On March 10, 2015, The Washington Free Beacon reported that a defecting career officer from the North Korean People’s Army divulged that not only are the people starving, but the nation’s armed forces, including the elite Storm Corps Special Forces, also face food shortages that have been described as “severe.”
With his identity kept secret, the defector was described only as a career military officer in his 40s. According to the defector, “Kim Jong-un repeatedly states that he will improve the livelihood of ordinary people but nothing has really changed. There have been no concrete actions to improve the livelihood of the people, so people no longer trust Kim Jong-un’s words and statements.”
Reportedly an officer in the much feared Storm Corps, the defector did state that officers in the military are usually much better off nutrition-wise than the general civilian population, as well as the lower ranks. The junior enlisted troops are reportedly “limited to meals of ‘corn rice’—ground corn fashioned into kernels of rice. … So some soldiers try to escape the military. Some steal food just to live.”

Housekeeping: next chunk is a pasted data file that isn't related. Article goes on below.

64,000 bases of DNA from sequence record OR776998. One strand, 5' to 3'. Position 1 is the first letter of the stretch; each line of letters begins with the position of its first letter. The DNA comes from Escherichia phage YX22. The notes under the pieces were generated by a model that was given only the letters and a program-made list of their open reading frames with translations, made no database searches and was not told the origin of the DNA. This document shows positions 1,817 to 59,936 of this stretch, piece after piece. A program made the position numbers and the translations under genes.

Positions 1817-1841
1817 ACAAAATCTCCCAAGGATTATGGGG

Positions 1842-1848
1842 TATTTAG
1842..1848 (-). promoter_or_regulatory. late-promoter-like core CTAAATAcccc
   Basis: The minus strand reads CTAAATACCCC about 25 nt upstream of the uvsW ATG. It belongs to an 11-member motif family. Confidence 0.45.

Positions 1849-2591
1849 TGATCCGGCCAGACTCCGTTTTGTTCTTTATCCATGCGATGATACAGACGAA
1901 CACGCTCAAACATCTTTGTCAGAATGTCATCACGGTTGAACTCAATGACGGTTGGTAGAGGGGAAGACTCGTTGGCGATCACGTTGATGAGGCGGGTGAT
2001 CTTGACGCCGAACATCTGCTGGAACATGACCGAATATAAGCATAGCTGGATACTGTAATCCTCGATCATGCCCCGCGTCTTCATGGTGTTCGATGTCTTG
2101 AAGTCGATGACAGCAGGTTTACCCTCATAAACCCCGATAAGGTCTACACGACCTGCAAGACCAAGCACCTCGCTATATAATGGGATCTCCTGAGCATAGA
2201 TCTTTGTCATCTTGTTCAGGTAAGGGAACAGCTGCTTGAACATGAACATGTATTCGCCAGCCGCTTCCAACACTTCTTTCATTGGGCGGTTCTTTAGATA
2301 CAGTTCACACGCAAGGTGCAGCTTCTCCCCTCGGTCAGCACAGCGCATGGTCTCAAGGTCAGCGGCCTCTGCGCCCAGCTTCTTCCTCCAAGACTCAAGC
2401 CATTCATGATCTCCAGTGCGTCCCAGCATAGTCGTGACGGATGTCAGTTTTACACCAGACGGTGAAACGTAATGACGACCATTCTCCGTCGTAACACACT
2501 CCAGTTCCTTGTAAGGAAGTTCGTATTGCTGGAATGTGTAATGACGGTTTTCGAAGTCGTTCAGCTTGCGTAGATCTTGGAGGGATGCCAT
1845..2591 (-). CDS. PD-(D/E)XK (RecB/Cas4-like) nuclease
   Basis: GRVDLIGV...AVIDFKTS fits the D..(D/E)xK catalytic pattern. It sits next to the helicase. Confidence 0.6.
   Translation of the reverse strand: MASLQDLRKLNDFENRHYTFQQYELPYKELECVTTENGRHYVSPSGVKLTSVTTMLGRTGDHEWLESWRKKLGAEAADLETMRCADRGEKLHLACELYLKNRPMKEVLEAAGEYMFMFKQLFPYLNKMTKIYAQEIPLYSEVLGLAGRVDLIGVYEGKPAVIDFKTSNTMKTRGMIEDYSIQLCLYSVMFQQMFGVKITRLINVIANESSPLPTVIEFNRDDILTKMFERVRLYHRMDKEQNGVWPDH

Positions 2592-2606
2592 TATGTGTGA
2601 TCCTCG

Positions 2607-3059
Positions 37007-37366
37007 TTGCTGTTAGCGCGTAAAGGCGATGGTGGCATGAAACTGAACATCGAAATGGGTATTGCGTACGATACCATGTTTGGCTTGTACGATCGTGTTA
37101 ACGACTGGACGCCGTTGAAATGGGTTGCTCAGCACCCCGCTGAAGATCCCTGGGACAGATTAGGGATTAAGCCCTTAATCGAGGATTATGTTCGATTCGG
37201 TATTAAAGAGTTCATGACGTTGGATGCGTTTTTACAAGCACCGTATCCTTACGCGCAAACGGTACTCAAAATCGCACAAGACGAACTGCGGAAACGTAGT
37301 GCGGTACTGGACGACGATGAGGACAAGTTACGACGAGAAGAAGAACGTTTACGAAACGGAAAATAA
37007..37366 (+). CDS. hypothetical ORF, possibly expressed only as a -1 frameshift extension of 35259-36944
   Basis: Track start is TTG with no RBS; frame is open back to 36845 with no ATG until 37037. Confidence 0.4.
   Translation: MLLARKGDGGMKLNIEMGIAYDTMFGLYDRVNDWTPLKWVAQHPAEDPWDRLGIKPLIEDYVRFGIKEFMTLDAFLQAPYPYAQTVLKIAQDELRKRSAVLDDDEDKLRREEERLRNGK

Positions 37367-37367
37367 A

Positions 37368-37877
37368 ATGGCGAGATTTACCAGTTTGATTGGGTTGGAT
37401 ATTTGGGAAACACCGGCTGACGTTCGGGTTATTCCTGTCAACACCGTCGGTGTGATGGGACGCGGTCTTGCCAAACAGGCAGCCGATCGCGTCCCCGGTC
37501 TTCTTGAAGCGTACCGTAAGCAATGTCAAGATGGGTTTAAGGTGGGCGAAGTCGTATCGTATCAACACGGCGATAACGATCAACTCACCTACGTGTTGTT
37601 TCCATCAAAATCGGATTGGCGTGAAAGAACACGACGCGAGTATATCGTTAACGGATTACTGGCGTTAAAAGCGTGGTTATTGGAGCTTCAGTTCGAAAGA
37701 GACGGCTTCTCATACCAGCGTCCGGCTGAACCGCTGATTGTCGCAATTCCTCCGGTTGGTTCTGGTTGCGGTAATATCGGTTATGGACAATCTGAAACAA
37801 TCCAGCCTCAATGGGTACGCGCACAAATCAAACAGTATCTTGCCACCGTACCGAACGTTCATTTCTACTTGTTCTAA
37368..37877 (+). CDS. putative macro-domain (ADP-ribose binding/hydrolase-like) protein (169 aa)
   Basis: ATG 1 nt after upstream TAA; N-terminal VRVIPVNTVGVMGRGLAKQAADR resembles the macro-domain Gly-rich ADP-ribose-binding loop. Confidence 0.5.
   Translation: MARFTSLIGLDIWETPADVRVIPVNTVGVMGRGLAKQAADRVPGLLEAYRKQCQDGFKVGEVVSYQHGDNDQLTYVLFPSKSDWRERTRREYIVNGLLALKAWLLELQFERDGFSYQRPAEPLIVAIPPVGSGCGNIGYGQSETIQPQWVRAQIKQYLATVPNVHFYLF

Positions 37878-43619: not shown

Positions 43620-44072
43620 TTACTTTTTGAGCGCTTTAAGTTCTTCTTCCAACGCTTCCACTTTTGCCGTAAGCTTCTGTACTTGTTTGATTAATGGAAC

Painting an even bleaker picture, the officer added, “The food shortages are so severe soldiers cannot live on the rations provided by the military and must go outside of bases and steal food to survive.”
The lack of availability of food for the common people of the North is to such a degree that, according to South Korea’s JoongAng Daily, the growth of children in the North is stunted by decades worth of starvation. The Pyongyang government recently lowered the height requirement to be conscripted into the army to 4′ 7″ (142 centimeters). That’s the same height as the average American child at the age of 10 years, 3 months old, the average 4th Grader. Most North Korean teenage boys are less than 5 feet tall and weigh less than 100 pounds. In contrast, the average 17-year-old South Korean boy is 5-feet-8, only slightly shorter than an American boy of the same age.